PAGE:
Black Eyed Peas released its latest album Translation Friday, and sadly, the news is not good. The trio’s eighth full-length studio recording, it is the group’s lowest point to date. That is due in large part to the record’s musical content. This will be discussed shortly, as it is both good and bad. The lyrical content (or relative lack thereof) plays into that, too. The album’s sequencing rounds out the most important of its elements. It is perhaps the only real positive of the whole presentation. Of course even that is a bit of a stretch. Each noted item is important in its own weird way to the whole of this album. All things considered, they make this album the absolute lowest point for Black Eyed Peas.
Black Eyed Peas latest album Translation is the least memorable of any of its studio recordings to date. Coming less than two years after the trio — will.i.am, apl.de.ap, and Taboo – released its seventh album Masters of the Sun Vol. 1, the 17-song record (this version came from Target with two remixes of the album’s song ‘Ritmo’), it is the group’s lowest point so far in its life. That is due in large part to its musical arrangements. Whereas the arrangements featured in Masters of the Sun Vol. 1 took the group back to its high points in its 1998 debut album Behind The Front and its 2000 follow-up Bridging The Gap, this record is more akin to the sounds produced in its more mainstream records Elephunk, Monkey Business and The E.N.D. and its follow-up The Beginning. Even taking the sound featured in those records into consideration here, this record’s arrangements does bear some semblance to said works, but in the case of this record, the arrangements are even more poppy than ever. Rather than actually having any real substance per se, this record’s arrangements are mostly just that, instrumentals that are more a fit for clubs than for radio. The music from the group’s other mainstream pop records meanwhile at least gave those works something onto which Top 40 pop programmers could latch. Music, such as that which is used in clubs does not necessarily require a lot of thought, but rather a steady beat and some keyboards and electronics. It does not even require any real lyrical content. This is another problem with this record.
Considering that Translation is composed largely of instrumentals that are more useful in the clubs than on the radio or even in people’s stereos (or computers, smartphones, what have you), it leaves little use for lyrical content. Given, there is some lyrical content here, but it is limited. Most of the record’s lyrical content is anything but impacting or even memorable. Case in point is the presentation of ‘Mabuti.’ This song presents another infectious club groove, and its lyrical content goes right along with that arrangement. It finds the group going on about seeing a woman dancing, going so far as to tell the woman, “I like the way you shake it/baby, if you hot/Why don’t you go ahead, get naked/Wiggle it/I like the way you jiggle.” That is not exactly the most enlightening or engaging lyrical content.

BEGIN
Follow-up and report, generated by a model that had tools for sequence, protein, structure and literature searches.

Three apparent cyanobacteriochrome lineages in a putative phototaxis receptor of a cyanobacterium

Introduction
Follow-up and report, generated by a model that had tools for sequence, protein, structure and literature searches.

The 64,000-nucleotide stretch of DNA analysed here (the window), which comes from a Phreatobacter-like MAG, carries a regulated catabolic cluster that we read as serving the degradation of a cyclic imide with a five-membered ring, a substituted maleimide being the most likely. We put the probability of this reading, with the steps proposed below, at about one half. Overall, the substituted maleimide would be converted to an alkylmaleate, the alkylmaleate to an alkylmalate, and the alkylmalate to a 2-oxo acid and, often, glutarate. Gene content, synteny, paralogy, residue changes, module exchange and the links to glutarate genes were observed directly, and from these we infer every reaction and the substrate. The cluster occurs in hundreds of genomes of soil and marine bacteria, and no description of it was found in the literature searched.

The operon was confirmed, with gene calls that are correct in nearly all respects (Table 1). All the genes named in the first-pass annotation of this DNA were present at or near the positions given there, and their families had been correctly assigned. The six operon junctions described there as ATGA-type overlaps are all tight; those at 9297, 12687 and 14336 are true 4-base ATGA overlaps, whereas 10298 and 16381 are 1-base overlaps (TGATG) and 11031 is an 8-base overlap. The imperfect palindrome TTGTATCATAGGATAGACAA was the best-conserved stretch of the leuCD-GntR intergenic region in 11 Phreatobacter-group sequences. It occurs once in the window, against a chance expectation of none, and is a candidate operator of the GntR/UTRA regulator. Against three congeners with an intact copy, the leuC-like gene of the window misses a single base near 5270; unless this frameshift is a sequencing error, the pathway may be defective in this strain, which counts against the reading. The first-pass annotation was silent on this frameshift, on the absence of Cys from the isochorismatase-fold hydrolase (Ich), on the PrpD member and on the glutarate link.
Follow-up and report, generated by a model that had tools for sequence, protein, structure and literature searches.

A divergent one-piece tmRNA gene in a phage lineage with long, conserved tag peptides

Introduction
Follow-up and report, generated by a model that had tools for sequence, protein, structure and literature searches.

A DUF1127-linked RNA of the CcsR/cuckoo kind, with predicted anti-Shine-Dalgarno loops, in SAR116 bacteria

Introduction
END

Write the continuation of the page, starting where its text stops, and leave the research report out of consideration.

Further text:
While the record’s lyrical content is largely less than hard-hitting or even memorable, there is at least a small amount of content that does help the record. The only truly notable lyrical moment in this LP comes in the standard album’s closer, ‘News Today.’ The light, guitar-driven song addresses everything going on in the world today, from the impact of the COVID-19 outbreak to the political issues caused by Donald Trump. The song notes in its lead verse, “Did you watch the news today/Did you hear what they say/1,000 more people passed away/Ah, naw/Somebody tell me what’s going on/New York, New York/Big city of dreams/There’s a nightmare going down from the brox to Queens and everywhere in-between/We’re fighting something we can’t even see/There’s n invisible enemy/Just knocked out Italy/Keep the mask on/’Cause if you caught/They gonna look at you like you did a felony/And in theory can’t hug nobody/Not until we find a remedy/So we pray for Spain, France and the U.K./China and U.S.A./I pray we gonna be okay/Pray for the grandmas and grandpas/So they can live to see another day.” From there, the song mentions people believing “the news is fake” and being told to “inject yourself with bleach.” In other words, there is even mention of the damage that Donald Trump has done to the nation and world. It is really the album’s only really thoughtful lyrical content. To a point, one can compare this song to Buffalo Springfield’s timeless song, ‘For What It’s Worth’ both in terms of its musical arrangement and its lyrical content. It’s only one of the rare moments that stands out in this record because of its lyrical content. The only other rare moment that stands out because of its lyrics comes late in the record’s run in the form of ‘Todo Bueno.’